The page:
Elias Briggs filed a donation land claim in 1852 in the Washburne neighborhood area. The Washburne Historic District is listed on the National Register of Historic Places. The district is a stable, residential neighborhood located north of downtown Springfield, which is at the western edge of the city and bounded by the Willamette River. With the exception of a few businesses in remodeled older houses, the district essentially retains its original residential character. It represents an era when Springfield experienced dramatic population growth, and it still illustrates the impact of the Booth-Kelly Mill on Springfield's development.
The Historic District was established in 1985 and is named for C.W. Washburne, who was a prominent banker and mill owner in Springfield. He was the owner and operator of Lane County's most successful grist mills.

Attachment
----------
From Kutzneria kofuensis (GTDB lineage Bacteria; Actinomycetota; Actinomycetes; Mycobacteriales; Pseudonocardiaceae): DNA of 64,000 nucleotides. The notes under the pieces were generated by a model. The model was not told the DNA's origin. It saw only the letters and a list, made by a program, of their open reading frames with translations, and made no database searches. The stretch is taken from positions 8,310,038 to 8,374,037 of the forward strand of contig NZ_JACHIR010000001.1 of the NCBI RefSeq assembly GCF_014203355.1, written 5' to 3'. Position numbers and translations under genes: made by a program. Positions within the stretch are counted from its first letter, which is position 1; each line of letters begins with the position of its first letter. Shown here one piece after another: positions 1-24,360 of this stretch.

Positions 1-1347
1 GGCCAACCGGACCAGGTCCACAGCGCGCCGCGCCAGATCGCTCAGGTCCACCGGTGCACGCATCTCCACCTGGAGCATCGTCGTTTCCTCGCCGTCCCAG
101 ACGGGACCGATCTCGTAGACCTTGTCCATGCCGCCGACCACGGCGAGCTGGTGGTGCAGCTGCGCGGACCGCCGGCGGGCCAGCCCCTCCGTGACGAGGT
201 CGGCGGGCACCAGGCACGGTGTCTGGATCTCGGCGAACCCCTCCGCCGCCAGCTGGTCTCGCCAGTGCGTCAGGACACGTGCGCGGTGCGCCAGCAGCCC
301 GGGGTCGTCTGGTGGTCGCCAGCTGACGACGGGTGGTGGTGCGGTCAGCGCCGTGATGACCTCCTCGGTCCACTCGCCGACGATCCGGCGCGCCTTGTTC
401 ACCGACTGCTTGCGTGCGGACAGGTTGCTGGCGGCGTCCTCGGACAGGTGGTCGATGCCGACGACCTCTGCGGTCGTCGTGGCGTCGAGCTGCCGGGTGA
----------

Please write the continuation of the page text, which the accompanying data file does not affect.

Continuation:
The district is characterized by the late and post-Victorian vernacular housing forms that became common throughout Oregon as small farming communities grew into logging towns. The emphasis was on simple, solid construction designed to serve the residential needs of a rapidly growing lumber mill town of the early 1900s. The age of the buildings in the neighborhood spans from the 1890s through the 1940s. Nearly 44% (136) of the residences are primary, built between 1890 and 1915, and as many as 98 are secondary, built between 1916 and 1930. The majority of the District's contributing residences can be classified as Bungalow, Mill Cottage, Transitional Box, Tudor Cottage, or Homestead style houses.
The Washburne residents have an active Neighborhood Association that meets quarterly to talk about what is happening in the District. They also publish a newsletter. To find out more about the Association, contact Washburne Neighborhood Association.
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